My own projections have this ASX All Ords share pulling in net profits after tax (NPAT) of $48.8 million in FY28. At that time, the business will be in a much more mature position, so I've assumed a price-to-earnings (P/E) ratio of 20 times.

These estimates add up to a projected market capitalisation of $914.5 million — 79.5% above today's valuation.

What could be getting overlooked?

There's another income source for Propel that I haven't factored into my forward projections, that could deliver high-margin income… investment income from prepaid funerals.

It's a somewhat controversial practice. Funeral providers offer people the option to pay for their funeral in advance, allowing the company to earn returns on the funds until they are required. As long as the funds are grown beyond the cost of the agreed-upon service, the difference can be pocketed.

Overall, the additional returns from this are likely to be modest. At the moment, Propel's contract assets are actually $4.8 million in the red compared to its liabilities. However, it is worth at least knowing that this business practice could influence the bottom line later on.

What would prompt a change of mind?

Even the best companies can fail to deliver. That's why it is helpful to lay out the conditions for failure in advance. For this, there are two key aspects of the business I'll be keeping close tabs on:

  • EBITDA margins
  • Merger and acquisition activity

Firstly, EBITDA margins will be valuable for monitoring any detriment to profitability if cremations grow in popularity.

The alternative to burials is a cheaper option, which could present a headwind. Propel's most recent full-year margin came in at ~27%. Personally, I'd have some concerns if this metric were to fall below 20%.

Secondly, my thesis for this ASX All Ords share rests on management sustaining its approach to industry consolidation, increasing its market share. I personally don't believe the company will grow to its valuation 100% organically. As such, if a halt to its acquisition activity occurred for some reason, I would reconsider my investment.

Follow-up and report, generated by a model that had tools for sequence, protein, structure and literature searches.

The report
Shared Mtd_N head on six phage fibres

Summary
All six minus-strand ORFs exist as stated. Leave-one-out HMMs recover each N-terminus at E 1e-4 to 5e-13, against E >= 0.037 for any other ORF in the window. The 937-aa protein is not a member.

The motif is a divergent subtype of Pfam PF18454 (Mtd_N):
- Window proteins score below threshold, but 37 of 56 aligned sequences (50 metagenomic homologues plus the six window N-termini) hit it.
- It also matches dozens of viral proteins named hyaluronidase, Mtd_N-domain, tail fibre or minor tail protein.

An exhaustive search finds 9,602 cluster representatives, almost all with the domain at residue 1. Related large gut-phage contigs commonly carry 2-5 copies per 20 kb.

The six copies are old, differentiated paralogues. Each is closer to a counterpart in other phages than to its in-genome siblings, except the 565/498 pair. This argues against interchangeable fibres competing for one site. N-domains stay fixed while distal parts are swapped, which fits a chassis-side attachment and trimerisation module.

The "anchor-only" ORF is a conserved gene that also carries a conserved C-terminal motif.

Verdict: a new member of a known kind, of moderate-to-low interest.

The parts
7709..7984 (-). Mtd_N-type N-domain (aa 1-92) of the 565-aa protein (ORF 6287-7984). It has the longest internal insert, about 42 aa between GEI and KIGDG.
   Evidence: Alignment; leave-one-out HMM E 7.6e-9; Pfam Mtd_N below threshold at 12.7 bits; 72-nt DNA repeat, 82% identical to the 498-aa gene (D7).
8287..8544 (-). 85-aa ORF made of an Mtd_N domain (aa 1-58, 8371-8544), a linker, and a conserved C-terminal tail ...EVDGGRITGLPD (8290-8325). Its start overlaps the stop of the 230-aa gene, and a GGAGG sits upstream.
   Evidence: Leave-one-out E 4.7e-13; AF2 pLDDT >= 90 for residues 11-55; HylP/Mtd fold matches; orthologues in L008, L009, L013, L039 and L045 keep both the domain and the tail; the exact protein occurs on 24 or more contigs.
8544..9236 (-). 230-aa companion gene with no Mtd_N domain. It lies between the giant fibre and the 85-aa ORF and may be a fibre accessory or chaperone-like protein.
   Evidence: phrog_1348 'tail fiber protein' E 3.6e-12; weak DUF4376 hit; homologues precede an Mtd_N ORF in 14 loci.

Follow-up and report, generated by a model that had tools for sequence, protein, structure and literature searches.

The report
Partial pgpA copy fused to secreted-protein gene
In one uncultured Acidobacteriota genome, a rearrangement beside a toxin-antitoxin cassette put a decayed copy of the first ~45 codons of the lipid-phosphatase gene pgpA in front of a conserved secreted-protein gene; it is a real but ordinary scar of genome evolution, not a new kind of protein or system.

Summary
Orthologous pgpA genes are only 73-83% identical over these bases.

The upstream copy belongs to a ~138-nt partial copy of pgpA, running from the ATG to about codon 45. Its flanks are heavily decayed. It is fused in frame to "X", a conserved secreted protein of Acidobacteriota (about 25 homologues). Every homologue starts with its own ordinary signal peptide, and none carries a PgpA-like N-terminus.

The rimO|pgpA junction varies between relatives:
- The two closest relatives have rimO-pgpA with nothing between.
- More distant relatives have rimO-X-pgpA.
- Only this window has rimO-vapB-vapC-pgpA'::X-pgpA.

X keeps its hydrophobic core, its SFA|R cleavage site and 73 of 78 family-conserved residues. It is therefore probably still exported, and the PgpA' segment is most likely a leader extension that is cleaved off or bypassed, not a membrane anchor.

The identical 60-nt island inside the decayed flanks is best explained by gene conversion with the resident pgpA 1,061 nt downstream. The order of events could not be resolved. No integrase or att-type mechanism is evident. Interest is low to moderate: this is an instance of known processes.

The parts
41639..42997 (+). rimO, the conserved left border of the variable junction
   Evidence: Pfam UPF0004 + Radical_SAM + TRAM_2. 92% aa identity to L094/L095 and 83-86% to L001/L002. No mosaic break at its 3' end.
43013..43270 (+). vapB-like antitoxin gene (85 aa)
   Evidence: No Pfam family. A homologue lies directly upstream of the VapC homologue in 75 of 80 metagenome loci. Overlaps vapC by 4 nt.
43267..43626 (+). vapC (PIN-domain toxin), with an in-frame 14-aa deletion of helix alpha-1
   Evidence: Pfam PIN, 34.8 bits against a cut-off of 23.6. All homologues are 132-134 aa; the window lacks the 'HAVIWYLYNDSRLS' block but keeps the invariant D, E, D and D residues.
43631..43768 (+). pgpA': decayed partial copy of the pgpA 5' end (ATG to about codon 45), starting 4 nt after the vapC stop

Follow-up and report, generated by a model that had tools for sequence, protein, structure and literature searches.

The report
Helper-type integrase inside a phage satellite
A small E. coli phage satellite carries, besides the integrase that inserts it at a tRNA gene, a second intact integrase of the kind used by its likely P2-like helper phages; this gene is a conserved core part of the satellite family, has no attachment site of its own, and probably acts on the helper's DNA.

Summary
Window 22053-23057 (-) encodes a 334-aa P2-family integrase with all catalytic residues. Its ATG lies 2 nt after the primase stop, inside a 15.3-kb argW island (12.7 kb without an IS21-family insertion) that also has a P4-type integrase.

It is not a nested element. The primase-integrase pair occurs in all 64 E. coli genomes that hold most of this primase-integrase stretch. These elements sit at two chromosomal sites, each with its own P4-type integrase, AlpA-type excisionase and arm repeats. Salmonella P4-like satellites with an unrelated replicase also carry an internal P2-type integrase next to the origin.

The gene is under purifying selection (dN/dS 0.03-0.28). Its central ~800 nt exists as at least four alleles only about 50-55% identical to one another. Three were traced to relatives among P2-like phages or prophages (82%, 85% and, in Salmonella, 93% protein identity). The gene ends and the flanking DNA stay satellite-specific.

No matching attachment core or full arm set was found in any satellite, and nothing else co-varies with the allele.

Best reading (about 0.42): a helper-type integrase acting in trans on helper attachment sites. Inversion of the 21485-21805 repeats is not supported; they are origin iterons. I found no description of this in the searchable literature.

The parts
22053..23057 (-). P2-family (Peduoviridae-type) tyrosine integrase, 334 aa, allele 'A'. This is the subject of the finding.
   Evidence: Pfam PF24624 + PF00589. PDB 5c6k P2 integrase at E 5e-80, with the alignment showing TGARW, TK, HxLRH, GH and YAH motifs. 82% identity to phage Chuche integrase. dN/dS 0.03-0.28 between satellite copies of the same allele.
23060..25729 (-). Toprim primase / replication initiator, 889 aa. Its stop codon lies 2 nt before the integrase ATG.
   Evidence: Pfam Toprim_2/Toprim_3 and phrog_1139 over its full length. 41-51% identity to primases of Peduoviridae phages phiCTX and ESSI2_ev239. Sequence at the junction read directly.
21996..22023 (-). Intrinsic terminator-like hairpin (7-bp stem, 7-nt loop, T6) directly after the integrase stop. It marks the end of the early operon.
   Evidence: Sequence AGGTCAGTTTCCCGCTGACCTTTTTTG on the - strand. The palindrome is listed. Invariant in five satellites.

Final takeaway

There are few things in life as predictable as death. As an investor, I look at a company like Propel and see a business that provides an essential service. A service that possibly will never be disrupted.

The older I get, the more value I see in businesses that could exist for 30 years, 50 years — heck, even 100 years. Indeed, the best investment I could make is one that outlives me… how ironic.

Like other great long-term compounders on the ASX such as Washington H. Soul Pattinson and Co Ltd (ASX: SOL) and Brickworks Limited (ASX: BKW), Propel may not be the most exciting ASX All Ords share, but I think it could have the staying power needed to allow compounding to work its magic.

Motley Fool contributor Mitchell Lawler has positions in Propel Funeral Partners. The Motley Fool Australia's parent company Motley Fool Holdings Inc. has positions in and has recommended Brickworks and Washington H. Soul Pattinson and Company Limited. The Motley Fool Australia has positions in and has recommended Brickworks and Washington H. Soul Pattinson and Company Limited. The Motley Fool Australia has recommended Propel Funeral Partners. The Motley Fool has a disclosure policy. This article contains general investment advice only (under AFSL 400691). Authorised by Scott Phillips.